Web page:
Think back a few years to the first time you heard the words “mad cow disease” uttered by the media. What began as a strange phenomenon turned into a British disaster. We’re all familiar with the images of shaking cows, but should it concern us?
Perhaps the discovery of other cases in Canada and Washington State might make you look at the problem differently. But still, these are animal production issues. As no-tillers, do we have reason to worry?
This no-tiller from Worcestershire, England, believes that no-tillers have their own problem: genetically modified organisms and what they could mean to the global future of agriculture.
Before you start thinking this will be about awful stories centering on British opposition to GMOs, think again. Bullock is the first to say that GMOs have a great future. While the initial price in seed is higher, GMOs offer significant potential benefits, for example in weed control and the savings that come with it.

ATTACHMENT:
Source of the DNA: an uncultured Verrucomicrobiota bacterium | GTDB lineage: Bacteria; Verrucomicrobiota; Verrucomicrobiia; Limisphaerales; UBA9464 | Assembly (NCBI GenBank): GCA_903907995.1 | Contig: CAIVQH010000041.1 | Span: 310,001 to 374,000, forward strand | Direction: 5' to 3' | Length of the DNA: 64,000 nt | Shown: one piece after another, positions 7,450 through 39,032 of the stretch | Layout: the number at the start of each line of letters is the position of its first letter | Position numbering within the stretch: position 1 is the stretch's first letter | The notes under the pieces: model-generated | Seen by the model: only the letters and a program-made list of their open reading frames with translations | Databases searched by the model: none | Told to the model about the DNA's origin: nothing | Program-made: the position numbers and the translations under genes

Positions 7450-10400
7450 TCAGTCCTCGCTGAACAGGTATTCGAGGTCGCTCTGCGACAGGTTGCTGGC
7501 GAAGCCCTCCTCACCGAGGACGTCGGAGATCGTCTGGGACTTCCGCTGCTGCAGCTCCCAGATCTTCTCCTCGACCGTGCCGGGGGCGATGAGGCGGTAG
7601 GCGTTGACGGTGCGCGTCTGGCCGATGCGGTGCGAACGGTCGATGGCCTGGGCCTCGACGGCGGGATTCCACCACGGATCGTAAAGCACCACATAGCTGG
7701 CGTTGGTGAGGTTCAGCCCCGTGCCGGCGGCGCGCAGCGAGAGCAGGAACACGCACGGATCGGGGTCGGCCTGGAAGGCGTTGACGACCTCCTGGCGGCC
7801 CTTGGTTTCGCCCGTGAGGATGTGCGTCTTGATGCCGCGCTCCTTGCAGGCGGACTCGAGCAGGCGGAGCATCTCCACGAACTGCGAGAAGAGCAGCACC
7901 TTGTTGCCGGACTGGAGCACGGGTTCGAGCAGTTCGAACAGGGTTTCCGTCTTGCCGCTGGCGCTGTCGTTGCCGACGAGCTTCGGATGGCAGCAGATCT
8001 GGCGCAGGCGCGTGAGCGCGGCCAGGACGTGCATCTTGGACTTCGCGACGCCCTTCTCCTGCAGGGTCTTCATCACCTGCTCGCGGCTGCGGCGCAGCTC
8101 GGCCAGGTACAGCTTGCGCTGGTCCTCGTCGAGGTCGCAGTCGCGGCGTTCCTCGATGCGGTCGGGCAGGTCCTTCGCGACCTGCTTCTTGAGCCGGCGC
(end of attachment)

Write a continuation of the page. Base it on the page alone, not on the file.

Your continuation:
“Weed control is half of my growing costs for canola,” he says. “When the concept of GMOs was introduced into Britain during the early 1990s, it was cautiously welcomed. But once we looked at it from an agronomic point of view, we thought it was great, solving problems and dramatically cutting our costs.”
The initial excitement over GMOs in Europe quickly dampened, Bullock explains, when the press began reporting about them.
“The idea of Frankenstein-foods came forward,” he says. “The…